Human trafficking is a modern form of slavery that exists in every country, including the United States

  • Women, children, and men work in factories, fields, restaurants, hotels, homes, and in every facet of the sex industry.
  • Today, illegal sale of humans is a multibillion-dollar industry tied with the illegal arms industry as the second largest criminal industry in the world, surpassed only by drug trafficking. Moreover, it is the fastest growing criminal industry.
  • According to the U.S. Department of State, approximately 800,000 to 900,000 victims annually are trafficked across international borders worldwide. Between 18,000 and 20,000 of those victims are trafficked into the United States. The FBI reports that in the U.S. alone trafficking and slavery generate 9.5 billion dollars a year.
  • “Trafficking in women and girls has become one of the fastest growing enterprises in the world. The United Nations estimates that over two million women and girls are taken from their homeland into other countries under false pretenses for the purposes of forced labor, domestic servitude, or sexual exploitation. Trafficking and slavery are never ‘stand-alone crimes.’ They are linked to money laundering, drug trafficking, document forgery, human smuggling, rape, and torture.”

Corporate Stand

It is with this in mind that the Sisters of St. Francis of Philadelphia took a corporate stand against human trafficking in 2003. This corporate stand is one concrete way for the congregation to “take the necessary risks to be a healing, compassionate presence in our violent world, especially with women, children, and those who have no voice.” [Commitment Statement, 1996] Read more.

If a global trafficking map were created with lines tracking the flow of persons trafficked from countries of origin to countries of destination, it would show hundreds of lines crisscrossing the globe on every continent. The following would be only a few of the tracking lines.

  • From Sub-Saharan countries to Spain and Western  Europe
  • From Nigeria to Italy, Belgium, the Netherlands, Germany, Spain, the United Kingdom; the Philippines to Australia, Costa Rica, Hong Kong, Japan, Norway, Saudi Arabia, Europe, the United States
  • From China to other Asian countries, Western Europe, Mexico, the United States
  • From the Russian Federation to Finland, France, Belgium, Greece, Asian countries, Israel, Australia, the United States Honduras to other Latin American countries and Canada.

Laws and protocols distinguish trafficking of persons occurring through coercion and exploitation from smuggling which refers to consensual transactions.  However, what begins as smuggling often becomes trafficking. This is the case of young girls who agree to be smuggled into another country lured by the promise of a better life, and then are forced into prostitution.

Why have human smuggling and trafficking grown and spread to such a great extent?

  • They need to be understood in the context of globalization and migration. “Since 1965, the number of international migrants has doubled to some 175 million persons at the turn of the millennium.  Prospects of a better life abroad, poverty, economic marginalization, political and social unrest, and conflict are all incentives to move.  In an increasingly interconnected world, movement is easier.” (“Trafficking, Smuggling, and Human Rights,” Migration Information Source, Jacqueline Bhabha, Harvard University, March 31, 2005)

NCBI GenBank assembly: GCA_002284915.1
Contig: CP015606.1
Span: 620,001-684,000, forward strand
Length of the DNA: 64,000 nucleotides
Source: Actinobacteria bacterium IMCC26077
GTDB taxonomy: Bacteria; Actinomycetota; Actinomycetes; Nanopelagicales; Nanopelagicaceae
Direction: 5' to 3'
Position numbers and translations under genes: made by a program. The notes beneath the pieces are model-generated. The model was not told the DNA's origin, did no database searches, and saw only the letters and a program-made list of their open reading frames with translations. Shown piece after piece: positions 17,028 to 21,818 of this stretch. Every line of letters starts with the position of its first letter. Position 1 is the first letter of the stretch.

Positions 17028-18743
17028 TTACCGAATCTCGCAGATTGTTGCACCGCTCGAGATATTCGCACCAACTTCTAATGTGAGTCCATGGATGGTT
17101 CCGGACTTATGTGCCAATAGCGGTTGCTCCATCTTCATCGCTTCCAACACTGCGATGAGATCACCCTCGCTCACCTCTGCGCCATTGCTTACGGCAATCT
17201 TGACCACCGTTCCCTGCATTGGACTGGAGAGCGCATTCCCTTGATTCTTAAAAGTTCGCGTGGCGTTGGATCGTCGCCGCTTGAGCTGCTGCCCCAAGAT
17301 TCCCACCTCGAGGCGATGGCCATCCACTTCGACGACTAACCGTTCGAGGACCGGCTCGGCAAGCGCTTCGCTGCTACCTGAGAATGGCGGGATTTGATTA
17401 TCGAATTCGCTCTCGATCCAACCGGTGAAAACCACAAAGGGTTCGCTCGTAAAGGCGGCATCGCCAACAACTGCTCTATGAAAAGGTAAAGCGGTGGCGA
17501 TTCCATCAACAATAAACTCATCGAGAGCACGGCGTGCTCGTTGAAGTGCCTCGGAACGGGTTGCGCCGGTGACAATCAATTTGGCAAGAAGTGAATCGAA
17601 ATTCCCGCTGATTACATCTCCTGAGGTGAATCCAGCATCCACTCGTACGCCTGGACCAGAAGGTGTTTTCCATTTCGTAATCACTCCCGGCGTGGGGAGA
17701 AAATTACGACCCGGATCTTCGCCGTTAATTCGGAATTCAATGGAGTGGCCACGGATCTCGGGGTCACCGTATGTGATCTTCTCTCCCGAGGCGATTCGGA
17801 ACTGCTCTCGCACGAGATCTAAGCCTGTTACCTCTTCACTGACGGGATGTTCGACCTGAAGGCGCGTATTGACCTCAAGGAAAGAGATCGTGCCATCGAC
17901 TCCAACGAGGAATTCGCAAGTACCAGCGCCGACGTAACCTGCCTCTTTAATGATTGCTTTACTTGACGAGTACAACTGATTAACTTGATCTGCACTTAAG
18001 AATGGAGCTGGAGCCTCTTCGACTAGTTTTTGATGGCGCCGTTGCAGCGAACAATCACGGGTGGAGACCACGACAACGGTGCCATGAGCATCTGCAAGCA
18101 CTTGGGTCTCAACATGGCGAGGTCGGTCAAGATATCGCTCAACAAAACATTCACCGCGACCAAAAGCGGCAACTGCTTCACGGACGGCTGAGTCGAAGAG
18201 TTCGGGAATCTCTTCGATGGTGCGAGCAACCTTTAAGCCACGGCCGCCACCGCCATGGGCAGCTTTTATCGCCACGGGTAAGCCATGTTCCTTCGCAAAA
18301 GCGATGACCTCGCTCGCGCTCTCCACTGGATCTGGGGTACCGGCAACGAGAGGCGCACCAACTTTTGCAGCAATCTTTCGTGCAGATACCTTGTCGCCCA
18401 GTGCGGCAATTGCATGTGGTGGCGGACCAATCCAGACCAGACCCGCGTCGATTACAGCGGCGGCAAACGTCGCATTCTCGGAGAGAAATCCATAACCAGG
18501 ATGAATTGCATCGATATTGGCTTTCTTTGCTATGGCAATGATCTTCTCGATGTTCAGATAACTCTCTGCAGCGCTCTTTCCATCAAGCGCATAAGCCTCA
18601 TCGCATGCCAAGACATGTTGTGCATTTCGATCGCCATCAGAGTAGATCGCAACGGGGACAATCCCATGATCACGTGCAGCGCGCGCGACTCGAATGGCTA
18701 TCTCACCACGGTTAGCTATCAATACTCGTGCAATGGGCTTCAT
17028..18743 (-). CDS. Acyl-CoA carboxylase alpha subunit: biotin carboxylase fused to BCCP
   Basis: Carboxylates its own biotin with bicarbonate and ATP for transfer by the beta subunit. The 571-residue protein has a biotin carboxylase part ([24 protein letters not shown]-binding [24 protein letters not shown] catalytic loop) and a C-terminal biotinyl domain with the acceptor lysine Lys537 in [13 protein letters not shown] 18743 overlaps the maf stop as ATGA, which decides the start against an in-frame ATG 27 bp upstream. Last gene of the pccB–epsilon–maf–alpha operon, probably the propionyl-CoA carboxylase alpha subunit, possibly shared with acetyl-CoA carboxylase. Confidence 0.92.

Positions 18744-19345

Although there are multiple human rights concerns, it is the law enforcement imperative that has placed the issue higher on the international policy agenda.

  • As of December 3, 2005, the United States became an official party to the UN Convention against Transnational Organized Crime and its supplementary Protocol to Prevent, Suppress, and Punish Trafficking in Persons, Especially Women and Children, and its Protocol Against the Smuggling of Migrants by Land, Sea, and Air.
  • The convention represents the first legally binding multi-lateral instrument that specifically targets transnational organized crime.

How to identify victims of human trafficking

  • Victims of trafficking may look like many of the patients coming to health clinics or emergency rooms.  By looking beneath the surface and asking yourself these questions, you can help identify potential victims:
  • Does another person who seems controlling (possibly the trafficker) accompany the patient?
  • Can you detect any physical or psychological abuse?
  • Does the patient seem submissive or fearful?
  • Does the patient have difficulty communicating because of language or cultural barriers?
  • Does the patient have any identification?

Gaining the trust of a victim of human trafficking is an important first step in providing assistance.

Human trafficking red flags

  • Living with employer
  • Poor living conditions
  • Multiple people in cramped space
  • Inability to speak to individual alone
  • Identity documents held by employer
  • Signs of physical abuse
  • Submissive or fearful
  • Unpaid or paid very little
  • Under 18 and in prostitution

Where can victims of human trafficking be found?

  • Sex industry
  • Domestic situations (nannies or servants)
  • Sweatshop factories
  • Construction sites
  • Farm work
  • Fisheries
  • Hotel or tourist industries
  • Panhandling
  • Janitorial services
  • Restaurant services

Human Trafficking (Labor/Sex etc.) is one of the largest challenges that we as a global human community must face and address.  It is the third most profitable criminal activity behind Illegal drugs and arms.  Don’t be afraid to speak up.


Online Resources

Coalition Against Trafficking Women
National Religious Campaign Against Torture
Polaris Project